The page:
Table 1: African Countries that Benefited from the PBF (2007–2015)14

Central African Republic
Côte d’Ivoire
Democratic Republic of the Congo
Sierra Leone
South Sudan

Although this analysis refers to the first decade of the PBF (2005–2015), the official data from the PBF support dates from 2007, which implies data compilation of nine years only. Within this time frame, the PBF provided financial support to 33 countries.15 Geographically, the majority of these recipient countries were located in Africa, with 19 countries, as Table 1 depicts. Other countries were located in Asia (seven), Central and South Americas (three), Middle East (two), Europe (one) and Oceania (one). There was a prevalence for financing peacebuilding in Africa due to the fact that when the UN decided to establish the PBC, its focus was exclusively on African countries.16This influenced where the PBA could provide its role. This perception has support in what scholars explained about the role of the PBA in Africa. For some, the UN has a long and impressive history of engaging in Africa through peacebuilding, symbolised by supporting decolonisation processes and also by the role of peacekeeping operations on the ground,17 making Africa “the site of a large number of international and continental projects to promote peace”.18 In addition, the focus on Africa implied that PBF funding played a role in legitimising peacebuilding projects and programmes in the respective African countries, and in enhancing an agenda for reconstruction.

PBF’s Agenda for Peacebuilding

Table 2: Number of PBF Projects per Continent (2005–2015)19

Middle East16
Central/South Americas8
Total number of projects382

The majority of African countries that benefited from the PBF had a direct implication on the number of peacebuilding projects and programmes financed by the Fund. Looking at the quantity of projects when compared from a continental perspective, the PBF provided financial support to 382 projects and programmes around the world during its first decade. These projects were approved for starting implementation until the end of 2015. From this total, only African countries20 were responsible for the allocation of financial support to 300 projects, as Table 2 shows. Africa had the highest number of projects implemented under the PBF, followed by Asia, Middle East, Central and South Americas, Oceania and Europe.

This active role enabled the PBF to become the UN fund for post-conflict peacebuilding, with the “unique role of providing funding for strategic peacebuilding plans through country-based steering committees that resemble the role played by country-level MDTFs [multi-donor trust funds]”.21 This role was made possible because the PBF found its potential niche, where it could fill a gap among the increased number of MDTFs “driven to some extent by donors who wanted to support selected themes in a more visible manner, as distinct from providing financial support for agency programs”.22 Based on the idea that it “was important for the PBF to have clearly defined funding priorities while allowing for some flexibility in activities that could be supported in a specific transition context”,23 the quantity of projects financed reveals more than a number – rather, the PBF’s direction on what it intended to be peacebuilding in practice. The agenda that the PBF financed as part of a broader institutional practice designed exclusively for post-conflict settings, comprising the implementation of a range of programmes across many thematic areas,24 is good reference. All PBF recipient countries implemented projects under six main thematic areas: Democratic Governance, Security, Youth Empowerment/Employment, Public Administration, Human Rights, and National Political Dialogue. As Africa led the quantity of projects financed by the PBF, the implementation of the 300 projects was focused exclusively on four main areas of intervention: Democratic Governance, Security, Youth Empowerment/Employment, and Public Administration.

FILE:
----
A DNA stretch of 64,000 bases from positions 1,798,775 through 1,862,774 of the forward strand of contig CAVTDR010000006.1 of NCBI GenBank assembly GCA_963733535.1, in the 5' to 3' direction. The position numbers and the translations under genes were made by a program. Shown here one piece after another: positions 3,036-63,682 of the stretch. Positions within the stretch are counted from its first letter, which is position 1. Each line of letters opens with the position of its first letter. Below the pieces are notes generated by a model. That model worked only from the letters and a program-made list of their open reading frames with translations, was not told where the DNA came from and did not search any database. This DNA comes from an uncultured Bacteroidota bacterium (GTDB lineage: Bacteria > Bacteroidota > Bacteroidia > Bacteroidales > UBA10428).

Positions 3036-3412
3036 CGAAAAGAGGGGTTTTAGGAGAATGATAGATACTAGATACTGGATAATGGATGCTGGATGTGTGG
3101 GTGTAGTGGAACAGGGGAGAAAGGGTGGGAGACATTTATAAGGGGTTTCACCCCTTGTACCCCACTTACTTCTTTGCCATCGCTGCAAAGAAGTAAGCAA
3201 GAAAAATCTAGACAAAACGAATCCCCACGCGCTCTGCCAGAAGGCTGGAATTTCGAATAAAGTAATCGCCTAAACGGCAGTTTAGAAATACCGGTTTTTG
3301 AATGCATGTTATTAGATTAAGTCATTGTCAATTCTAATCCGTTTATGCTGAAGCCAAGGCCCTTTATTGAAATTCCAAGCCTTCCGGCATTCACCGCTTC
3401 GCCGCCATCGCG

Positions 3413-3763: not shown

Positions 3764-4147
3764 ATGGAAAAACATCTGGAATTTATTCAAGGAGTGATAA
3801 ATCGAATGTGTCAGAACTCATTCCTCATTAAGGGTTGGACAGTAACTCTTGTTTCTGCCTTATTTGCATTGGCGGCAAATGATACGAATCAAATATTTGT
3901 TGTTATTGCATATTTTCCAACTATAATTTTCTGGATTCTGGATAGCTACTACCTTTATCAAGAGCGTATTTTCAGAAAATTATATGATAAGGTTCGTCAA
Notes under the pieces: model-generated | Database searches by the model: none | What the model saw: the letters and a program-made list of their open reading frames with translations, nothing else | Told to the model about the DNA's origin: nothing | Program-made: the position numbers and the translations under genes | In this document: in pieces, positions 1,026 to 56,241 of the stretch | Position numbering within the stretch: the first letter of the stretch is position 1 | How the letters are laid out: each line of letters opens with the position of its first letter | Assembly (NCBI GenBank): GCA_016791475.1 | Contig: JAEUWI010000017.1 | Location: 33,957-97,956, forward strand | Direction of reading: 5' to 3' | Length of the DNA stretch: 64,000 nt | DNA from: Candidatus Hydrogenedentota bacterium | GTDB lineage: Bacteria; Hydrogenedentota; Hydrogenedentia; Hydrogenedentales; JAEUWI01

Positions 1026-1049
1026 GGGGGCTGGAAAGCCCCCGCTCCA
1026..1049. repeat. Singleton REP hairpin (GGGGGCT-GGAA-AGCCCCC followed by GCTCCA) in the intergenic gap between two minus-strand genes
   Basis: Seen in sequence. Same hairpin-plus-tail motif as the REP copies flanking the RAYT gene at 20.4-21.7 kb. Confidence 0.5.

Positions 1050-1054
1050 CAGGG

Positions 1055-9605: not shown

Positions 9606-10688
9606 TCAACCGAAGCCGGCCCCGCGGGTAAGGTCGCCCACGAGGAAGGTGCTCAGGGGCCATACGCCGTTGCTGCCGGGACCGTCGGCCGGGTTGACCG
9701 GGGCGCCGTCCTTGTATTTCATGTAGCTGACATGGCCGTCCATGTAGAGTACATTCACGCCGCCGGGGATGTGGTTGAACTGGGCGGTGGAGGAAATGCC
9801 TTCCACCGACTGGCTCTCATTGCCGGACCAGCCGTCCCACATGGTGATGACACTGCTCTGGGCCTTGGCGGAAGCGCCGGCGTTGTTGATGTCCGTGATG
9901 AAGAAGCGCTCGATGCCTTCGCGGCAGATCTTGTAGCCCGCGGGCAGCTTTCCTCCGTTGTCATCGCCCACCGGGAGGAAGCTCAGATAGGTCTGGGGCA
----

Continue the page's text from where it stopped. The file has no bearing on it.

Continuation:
Table 3: Number of PBF Projects per Thematic Area in Africa (2005–2015)25

Democratic Governance66
Youth Empowerment/Employment32
Public Administration30
Human Rights9
National Political Dialogue6
Energy Power1
Property and Land2
Community Affected by Conflict13
PBF Unallocated4

The panorama of what the PBF financed in Africa reflects that projects within the scope of Human Rights and National Political Dialogue were less than what should be expected, assuming the notion that peacebuilding does not only comprise strategies aimed at structural change on state-centric behaviour. In addition, the data highlighted in blue in Table 3 represents areas limited to specific26 demands only, which did not become a common agenda for some African countries.27 The PBF also concentrated part of its funding on emergency needs under the IRF, in which 92 projects – highlighted in red in Table 3 – focused on rapid funding within the time frame of up to 18 months. This funding was divided, based on two amounts: up to US$3 million when there was no eligibility required and the decision relied on the PBSO,28 and up to US$15 million when the UNSG decided which country was eligible for funding from the PBF.29

Implications for Peacebuilding in Africa

Designing a peacebuilding framework embedded in the identified thematic areas corroborates with what Curtis30 has elucidated in understanding peacebuilding. There are three main ideas on which the debate on peacebuilding, with a focus on Africa, should be considered: peacebuilding as part of a liberal agenda, a strategy for stabilisation, and a structure for achieving social justice.Despite the fact that these ideas “rest on different conceptions of power and politics in Africa”,31 one does not neglect the other. Rather, they congregate “important normative assumptions about the nature of peace”.32 Since peacebuilding as social justice represents the diffusion of an international and institutional agenda, such diffusion implies that these PBF countries in Africa were prone to behave as if they were on the road to peace. Such a perspective on behavioural change reflects what Kühn33 pointed out on this issue, affirming that peace becomes an institutional exercise, being understood more as a policy rather than as a vague concept.

Table 4: Amount of financial support from the PBF per continent (2005–2015)34